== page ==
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UPDATED: Washington's a Grade III Sprain

Updated with New Information below - Paragon

Tell me about our depth at running back again...

Chauncey Washington is likely to miss the season opener as reported by the LA Times this evening. This is a painful injury don't kid yourself, the article doesn't state what grade of sprain the injury is but I would suspect that it is probably a Grade 1 sprain based on Washington being out possibly two weeks. It doesn't take much to get this injury and from what I have heard from those who saw the video it wasn't a real big hit that caused the injury.

Our guys continue to play hard and this is bound to happen no matter how much we want to wish it away. It is the nature of the environment at USC.

Here is a great write up on the AC Joint from the Southern California Orthopedic Institute (SCOI).

AC Joint
What is the AC Joint in the shoulder?

The top of the wing bone or scapula is the acromion. The joint formed where the acromion connects to the collar bone or clavicle is the AC joint. Usually there is a protuberance or bump in this area, which can be quite large in some people normally. This joint, like most joints in the body, has a cartilage disk or meniscus inside and the ends of the bones are covered with cartilage. The joint is held together by a capsule, and the clavicle is held in the proper position by two heavy ligaments called coracoclavicular ligaments.

How is the AC Joint usually injured?

The AC joint is injured most often when one falls directly on the point of the shoulder. The trauma will separate the acromion away from the clavicle, causing a sprain or a true AC joint dislocation. In a mild injury, the ligaments which support the AC joint are simply stretched (Grade I), but with more severe injury, the ligaments can partially tear (Grade II) or completely tear (Grade III). In the most severe injury, the end of the clavicle protrudes beneath the skin and is visible as a prominent bump.

What is the proper treatment for a sprained AC Joint?

When a joint is first sprained, conservative treatment is certainly the best. Applying ice directly to the point of the shoulder is helpful to inhibit swelling and relieve pain. The arm can be supported with a sling which also relieves some of the weight from the shoulder. Gentle motion of the arm can be allowed to prevent stiffness, and exercise putty is very helpful to improve function of the elbow, wrist, and hand, but any attempts at vigorous shoulder mobilization early on will probably lead to more swelling and pain.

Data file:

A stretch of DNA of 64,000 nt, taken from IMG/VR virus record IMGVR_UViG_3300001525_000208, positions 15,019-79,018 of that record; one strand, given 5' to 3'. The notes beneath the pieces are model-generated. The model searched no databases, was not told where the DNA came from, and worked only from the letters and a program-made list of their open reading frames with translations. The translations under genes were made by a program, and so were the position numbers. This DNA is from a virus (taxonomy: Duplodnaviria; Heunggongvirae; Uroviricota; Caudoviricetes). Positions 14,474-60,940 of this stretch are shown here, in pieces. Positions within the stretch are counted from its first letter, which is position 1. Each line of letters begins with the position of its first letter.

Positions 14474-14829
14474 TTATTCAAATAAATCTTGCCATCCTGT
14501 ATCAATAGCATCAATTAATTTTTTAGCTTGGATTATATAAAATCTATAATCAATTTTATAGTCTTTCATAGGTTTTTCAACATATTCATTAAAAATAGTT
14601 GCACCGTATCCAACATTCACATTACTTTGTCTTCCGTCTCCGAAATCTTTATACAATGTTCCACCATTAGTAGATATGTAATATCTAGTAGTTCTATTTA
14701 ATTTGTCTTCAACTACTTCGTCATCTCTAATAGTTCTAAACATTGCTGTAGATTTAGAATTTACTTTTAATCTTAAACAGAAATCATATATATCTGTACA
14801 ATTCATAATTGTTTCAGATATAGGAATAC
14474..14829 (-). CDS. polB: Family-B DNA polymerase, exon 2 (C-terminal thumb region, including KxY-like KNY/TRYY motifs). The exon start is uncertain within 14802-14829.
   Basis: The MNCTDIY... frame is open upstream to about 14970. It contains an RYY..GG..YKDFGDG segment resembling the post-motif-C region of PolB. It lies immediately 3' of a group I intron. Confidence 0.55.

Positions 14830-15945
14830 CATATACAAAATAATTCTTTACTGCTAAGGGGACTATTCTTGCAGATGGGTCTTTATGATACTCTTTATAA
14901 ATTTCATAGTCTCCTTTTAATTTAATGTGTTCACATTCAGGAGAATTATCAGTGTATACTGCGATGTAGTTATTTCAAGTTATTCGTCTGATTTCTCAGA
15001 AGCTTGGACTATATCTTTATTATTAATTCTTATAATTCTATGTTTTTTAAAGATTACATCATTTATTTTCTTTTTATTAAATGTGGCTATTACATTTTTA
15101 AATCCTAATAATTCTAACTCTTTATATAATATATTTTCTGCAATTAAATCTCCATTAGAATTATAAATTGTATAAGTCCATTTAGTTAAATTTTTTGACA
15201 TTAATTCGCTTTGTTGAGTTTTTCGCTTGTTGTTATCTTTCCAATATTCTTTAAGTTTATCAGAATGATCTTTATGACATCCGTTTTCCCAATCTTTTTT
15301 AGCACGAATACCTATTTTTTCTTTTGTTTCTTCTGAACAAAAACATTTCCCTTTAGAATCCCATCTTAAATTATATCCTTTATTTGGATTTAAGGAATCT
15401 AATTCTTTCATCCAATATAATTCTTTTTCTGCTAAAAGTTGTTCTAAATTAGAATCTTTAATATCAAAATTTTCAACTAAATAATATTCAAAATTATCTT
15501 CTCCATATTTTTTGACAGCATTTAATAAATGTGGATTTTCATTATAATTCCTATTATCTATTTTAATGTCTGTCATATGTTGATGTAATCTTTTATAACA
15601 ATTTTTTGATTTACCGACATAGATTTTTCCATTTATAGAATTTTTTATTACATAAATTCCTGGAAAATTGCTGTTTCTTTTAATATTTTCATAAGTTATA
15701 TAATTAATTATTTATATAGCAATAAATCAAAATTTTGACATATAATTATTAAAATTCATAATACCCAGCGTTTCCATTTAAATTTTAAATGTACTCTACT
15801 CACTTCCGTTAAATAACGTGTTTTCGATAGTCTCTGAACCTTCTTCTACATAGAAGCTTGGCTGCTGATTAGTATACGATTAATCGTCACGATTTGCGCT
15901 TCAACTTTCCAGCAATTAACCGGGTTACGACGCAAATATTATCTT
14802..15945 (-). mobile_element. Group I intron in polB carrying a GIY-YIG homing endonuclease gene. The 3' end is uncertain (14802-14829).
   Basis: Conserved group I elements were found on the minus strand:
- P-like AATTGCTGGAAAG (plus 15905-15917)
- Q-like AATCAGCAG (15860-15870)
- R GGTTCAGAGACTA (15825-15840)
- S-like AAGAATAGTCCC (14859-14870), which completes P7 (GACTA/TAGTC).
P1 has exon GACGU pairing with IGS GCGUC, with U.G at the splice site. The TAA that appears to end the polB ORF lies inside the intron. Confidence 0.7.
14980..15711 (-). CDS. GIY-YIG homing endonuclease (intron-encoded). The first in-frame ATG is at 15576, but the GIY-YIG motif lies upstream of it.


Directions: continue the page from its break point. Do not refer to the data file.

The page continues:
How long does it take for a shoulder separation to heal?

Depending on how severe the injury is, it may heal adequately in two to three weeks. In severe cases, the shoulder may not heal without surgery.

Grade I Sprain

Grade II Sprain
Now, I said earlier that I thought that Washington would play. I wouldn't rule that out just yet. The miracles of modern medicine will surprise you.

Based on some information that I got from a surgeon today it would not be out the question if the training staff administered 30-60 mg of Torodol intramuscularly before the game. This is done pretty frequently I hear and it has some great effects. Guys play with pain all the time and from what I have heard this medication does wonders. It is also used in Hip and Knee replacement procedures to deal with pain post operatively. So this has a pretty good track record.

I would understand if he DIDN'T play in the opener. It is Idaho after all and the point spread is pretty high so I wouldn't get too alarmed if he didn't play.

Update [2007-8-28 9:6:39 by Paragon SC]:

Dan Weber of the Press-Enterprise noted in his article today that Chauncey Washington’s shoulder sprain is Grade III in nature the would indicate that Washington had a 100% dislocation of the AC joint, not the shoulder joint itself.

By definition a Grade III is defined this way: Emphasis Added

Grade III Sprain
Acromioclavicular ligaments and capsule (Which covers and protects the shoulder joint) are disrupted. Coracoclavicular ligaments are disrupted. Acromioclavicular joint dislocation with clavicle displaced superiorly(towards the head) and a complete loss of contact between clavicle and acromion.

Management of the Injury:

Type III injuries are usually evaluated on a case-by-case basis, taking into account hand dominance, occupation, heavy labor, position/sport requirements, scapulothoracic dysfunction, and the risk for reinjury.

Evidence supporting nonoperative treatment of type III AC dislocations has been provided by a meta-analysis.121 In a review of 1172 patients, 88% who were operatively treated and 87% who were nonoperatively treated had satisfactory outcomes. Complications included the need for further surgery (59% operative versus 6% nonoperative), infection (6% vs 1%), and deformity (3% vs 37%). Pain and range of motion were not significantly affected. The authors did not recommend surgery for type III AC joint injuries.

Another study showed that non-operative treatment leads to a 20% rate of suboptimal outcome and 17% decrease in bench press strength at one year, but 80% of people do not feel that it affects them[Schlegel et al]. Larson and Hede prospectively compared nonoperative and operative treatment with similar rates of persistent symptoms (8% in the operative group vs 10% in the nonoperative group).

Summary Taken From: The Shoulder Doc UK

So Washington’s injury was more severe than we first thought. It is not surprising that he won’t play, why take the risk. He extra week to 10 days will do him good but this till going to hurt like a bitch when he takes his first hit…Torodol anyone!